Art and Identity in Thirteenth-century Byzantium: Hagia Sophia and the Empire of Trebizond (Hardback)
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Short Description for Art and Identity in Thirteenth-century Byzantium The church of Hagia Sophia in Trebizond, built by the emperor Manuel I Grand Komnenos (1238-63) in the aftermath of the fall of Constantinople to the Fourth Crusade, is the finest surviving Byzantine imperial monument of its period.
- Published: 20 October 2004
- Format: Hardback 268 pages
- ISBN 13: 9780754635758 ISBN 10: 0754635759
- Sales rank: 1,105,689
Full description for Art and Identity in Thirteenth-century Byzantium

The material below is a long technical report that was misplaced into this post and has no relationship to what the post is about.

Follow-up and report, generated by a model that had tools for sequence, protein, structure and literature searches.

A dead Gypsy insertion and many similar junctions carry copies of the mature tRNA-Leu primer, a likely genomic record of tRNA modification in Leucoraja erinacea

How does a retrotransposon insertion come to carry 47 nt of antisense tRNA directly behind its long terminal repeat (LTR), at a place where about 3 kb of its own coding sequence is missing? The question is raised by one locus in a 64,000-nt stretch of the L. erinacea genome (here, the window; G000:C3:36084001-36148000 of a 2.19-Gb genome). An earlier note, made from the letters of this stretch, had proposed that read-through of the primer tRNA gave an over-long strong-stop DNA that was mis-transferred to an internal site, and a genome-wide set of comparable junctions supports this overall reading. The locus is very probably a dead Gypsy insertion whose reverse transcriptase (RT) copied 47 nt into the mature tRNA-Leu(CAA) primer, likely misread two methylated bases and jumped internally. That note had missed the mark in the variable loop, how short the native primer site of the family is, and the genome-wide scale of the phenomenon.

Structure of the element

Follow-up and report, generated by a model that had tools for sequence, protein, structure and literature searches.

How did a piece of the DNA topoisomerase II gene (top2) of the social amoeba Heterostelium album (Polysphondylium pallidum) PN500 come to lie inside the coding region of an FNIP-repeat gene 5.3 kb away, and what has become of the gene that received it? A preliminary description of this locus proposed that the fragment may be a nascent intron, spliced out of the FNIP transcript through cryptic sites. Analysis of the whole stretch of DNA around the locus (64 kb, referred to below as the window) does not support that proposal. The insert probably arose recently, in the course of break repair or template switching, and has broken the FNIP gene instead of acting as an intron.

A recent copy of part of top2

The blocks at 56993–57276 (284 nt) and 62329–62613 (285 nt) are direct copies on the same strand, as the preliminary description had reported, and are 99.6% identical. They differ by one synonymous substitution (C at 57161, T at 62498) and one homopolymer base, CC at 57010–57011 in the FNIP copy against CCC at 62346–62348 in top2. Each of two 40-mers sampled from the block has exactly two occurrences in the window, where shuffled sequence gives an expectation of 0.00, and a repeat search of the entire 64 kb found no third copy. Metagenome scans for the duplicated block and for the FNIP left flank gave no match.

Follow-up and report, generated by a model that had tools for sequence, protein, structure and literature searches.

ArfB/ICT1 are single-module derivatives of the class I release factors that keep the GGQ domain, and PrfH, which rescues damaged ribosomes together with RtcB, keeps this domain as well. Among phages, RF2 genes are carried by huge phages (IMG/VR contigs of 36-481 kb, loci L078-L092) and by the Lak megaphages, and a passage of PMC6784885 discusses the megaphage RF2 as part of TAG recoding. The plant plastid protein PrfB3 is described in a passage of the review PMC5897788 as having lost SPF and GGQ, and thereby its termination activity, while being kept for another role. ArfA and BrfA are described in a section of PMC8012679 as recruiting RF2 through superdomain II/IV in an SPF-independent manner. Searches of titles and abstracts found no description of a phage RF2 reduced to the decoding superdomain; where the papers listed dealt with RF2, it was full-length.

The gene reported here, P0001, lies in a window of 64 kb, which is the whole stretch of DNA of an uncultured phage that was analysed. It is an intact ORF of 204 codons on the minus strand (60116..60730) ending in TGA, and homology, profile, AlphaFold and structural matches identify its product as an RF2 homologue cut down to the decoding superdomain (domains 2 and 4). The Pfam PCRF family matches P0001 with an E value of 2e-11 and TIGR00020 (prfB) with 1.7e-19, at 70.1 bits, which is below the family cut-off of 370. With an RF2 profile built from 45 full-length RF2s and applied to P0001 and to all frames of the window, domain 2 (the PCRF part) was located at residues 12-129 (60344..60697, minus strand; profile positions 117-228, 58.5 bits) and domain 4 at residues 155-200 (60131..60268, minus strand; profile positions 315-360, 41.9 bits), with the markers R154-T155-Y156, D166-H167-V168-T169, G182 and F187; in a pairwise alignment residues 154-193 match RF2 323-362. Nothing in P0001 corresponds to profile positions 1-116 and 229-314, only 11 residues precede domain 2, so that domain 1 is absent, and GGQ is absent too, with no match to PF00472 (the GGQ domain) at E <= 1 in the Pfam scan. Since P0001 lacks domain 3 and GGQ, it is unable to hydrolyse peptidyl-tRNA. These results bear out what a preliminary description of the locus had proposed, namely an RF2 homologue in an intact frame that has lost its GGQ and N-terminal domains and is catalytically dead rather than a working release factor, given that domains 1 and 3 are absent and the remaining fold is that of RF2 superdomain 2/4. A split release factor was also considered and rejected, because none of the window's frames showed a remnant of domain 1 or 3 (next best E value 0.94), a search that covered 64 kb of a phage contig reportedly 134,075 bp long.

The church of Hagia Sophia in Trebizond, built by the emperor Manuel I Grand Komnenos (1238-63) in the aftermath of the fall of Constantinople to the Fourth Crusade, is the finest surviving Byzantine imperial monument of its period. Art and Identity in Thirteenth-Century Byzantium is the first investigation of the church in more than thirty years, and is extensively illustrated in colour and black-and-white, with many images that have never previously been published. Antony Eastmond examines the architectural, sculptural and painted decorations of the church, placing them in the context of contemporary developments elsewhere in the Byzantine world, in Seljuq Anatolia and among the Caucasian neighbours of Trebizond. Knowledge of this area has been transformed in the last 20 years, following the collapse of the Soviet Union. The new evidence that has emerged enables a radically different interpretation of the church to be reached, and opens questions of cultural interchange on the borders of the Christian and Muslim worlds of eastern Anatolia, the Caucasus and Persia. This study uses the church and its decoration to examine questions of Byzantine identity and imperial ideology in the 13th century. This is central to any understanding of the period, as the fall of Constantinople in 1204 divided the Byzantine empire and forced the successor states in Nicaea, Epiros and Trebizond to redefine their concepts of empire in exile. Art is here exploited as significant historical evidence for the nature of imperial power in a contested empire. It is suggested that imperial identity was determined as much by craftsmen and expectations of imperial power as by the emperor's decree; and that this was a credible alternative Byzantine identity to that developed in the empire of Nicaea.